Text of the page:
64
      Friday
      78 / 61
      Saturday
      80 / 65
      Sunday
      82 / 63

      Four months and neighborhood still without gas

      Constance Kuyouh's stove has been off for four months after gas was turned off.

      After four months without natural gas, it appears there??s no change for West Toledo homeowners.

      Residents of GrayStone Woods, a community located just west of Holland-Sylvania Road on West Bancroft, have stocked up on space heaters getting ready for chilly fall temps. Meanwhile, it's finger pointing between the gas company and the home developer as to who is responsible.

      Columbia Gas says the developer has to get gas levels down to zero, but the developer says tests have shown there are no problems. But the fact is, the gas is still off.

      "It's been a royal inconvenience," said Constance Kuyouh, a GrayStone Woods resident. "Not having a clothes dryer to use, it was five weeks at least without a hot water tank."

      If you had to live four months without natural gas like her, you might feel the same way too.

      "We have a gas top stove and for the past few months, we've been using an electric skillet we brought at a local store," said Kuyouh's neighbor, John Insco.

      For some in this West Toledo neighborhood, it feels like living in the frontier and it's been this way since May 31 when high levels of methane were detected.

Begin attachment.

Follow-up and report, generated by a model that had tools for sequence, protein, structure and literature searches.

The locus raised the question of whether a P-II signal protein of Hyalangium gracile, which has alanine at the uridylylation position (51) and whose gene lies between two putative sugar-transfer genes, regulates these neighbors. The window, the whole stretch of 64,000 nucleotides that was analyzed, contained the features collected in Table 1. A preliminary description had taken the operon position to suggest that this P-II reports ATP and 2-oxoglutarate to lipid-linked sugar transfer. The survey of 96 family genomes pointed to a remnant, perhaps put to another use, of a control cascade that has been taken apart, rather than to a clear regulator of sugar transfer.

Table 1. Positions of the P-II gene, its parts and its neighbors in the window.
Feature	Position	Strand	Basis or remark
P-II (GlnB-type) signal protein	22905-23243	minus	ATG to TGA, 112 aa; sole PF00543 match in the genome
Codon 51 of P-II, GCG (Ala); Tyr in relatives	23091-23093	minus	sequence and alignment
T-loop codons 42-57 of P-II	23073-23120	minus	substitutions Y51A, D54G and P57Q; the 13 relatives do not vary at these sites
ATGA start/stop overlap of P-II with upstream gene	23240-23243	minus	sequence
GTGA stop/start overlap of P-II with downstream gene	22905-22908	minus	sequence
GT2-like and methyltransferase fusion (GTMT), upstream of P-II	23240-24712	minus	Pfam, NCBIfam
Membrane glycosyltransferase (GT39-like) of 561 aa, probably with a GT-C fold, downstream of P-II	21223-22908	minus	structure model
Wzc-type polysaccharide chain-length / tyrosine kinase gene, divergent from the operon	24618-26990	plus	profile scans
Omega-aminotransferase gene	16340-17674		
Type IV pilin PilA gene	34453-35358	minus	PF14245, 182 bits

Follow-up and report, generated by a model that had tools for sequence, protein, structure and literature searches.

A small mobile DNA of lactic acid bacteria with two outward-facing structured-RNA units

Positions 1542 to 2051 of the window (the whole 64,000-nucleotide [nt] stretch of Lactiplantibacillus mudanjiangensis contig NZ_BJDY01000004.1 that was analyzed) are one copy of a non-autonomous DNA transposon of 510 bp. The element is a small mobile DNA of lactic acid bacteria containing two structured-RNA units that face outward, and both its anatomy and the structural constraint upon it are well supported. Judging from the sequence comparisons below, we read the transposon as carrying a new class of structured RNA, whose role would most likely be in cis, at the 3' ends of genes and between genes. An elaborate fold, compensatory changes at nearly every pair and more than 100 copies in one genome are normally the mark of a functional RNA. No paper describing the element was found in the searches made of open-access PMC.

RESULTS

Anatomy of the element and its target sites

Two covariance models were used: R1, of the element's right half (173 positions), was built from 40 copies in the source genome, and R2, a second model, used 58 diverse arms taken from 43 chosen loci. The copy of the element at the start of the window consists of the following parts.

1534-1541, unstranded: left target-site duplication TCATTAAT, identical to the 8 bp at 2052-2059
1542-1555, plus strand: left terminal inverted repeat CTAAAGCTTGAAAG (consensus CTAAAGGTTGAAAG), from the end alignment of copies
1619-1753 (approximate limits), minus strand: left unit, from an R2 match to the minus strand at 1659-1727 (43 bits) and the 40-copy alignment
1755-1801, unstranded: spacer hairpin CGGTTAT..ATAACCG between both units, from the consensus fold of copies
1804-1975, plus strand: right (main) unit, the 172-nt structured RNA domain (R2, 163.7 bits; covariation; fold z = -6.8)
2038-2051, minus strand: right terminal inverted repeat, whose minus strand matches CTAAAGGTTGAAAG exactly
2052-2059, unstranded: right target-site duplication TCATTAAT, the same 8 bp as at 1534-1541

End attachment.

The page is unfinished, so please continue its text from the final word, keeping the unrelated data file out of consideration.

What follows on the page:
Worried about an explosion, Columbia Gas turned off service to homes at Graystone Woods. Four months later, residents like John Insco got a letter about discontinued service just last week.

      Like many of his neighbors, the process has left him confused.

      "We have different people giving us different stories at different levels," Insco said.

      Companies like Columbia Gas say levels must be at zero to be deemed safe. But don??t tell that to Insco, "When you look to your left, them look to your right, the streets that are right next to us actually have had readings."

      Developers like Ron Hensley say months of tests by a company he hired show levels are safe.

      Residents just want both sides to do one thing: "the builder and Columbia Gas will have made up their minds as far as what is going to happen here," Kuyou said.

      If the gas company and the builder can't come up with a decision, according to homeowners, they'll meet in a couple of weeks to decide whether to collectively switch to electric.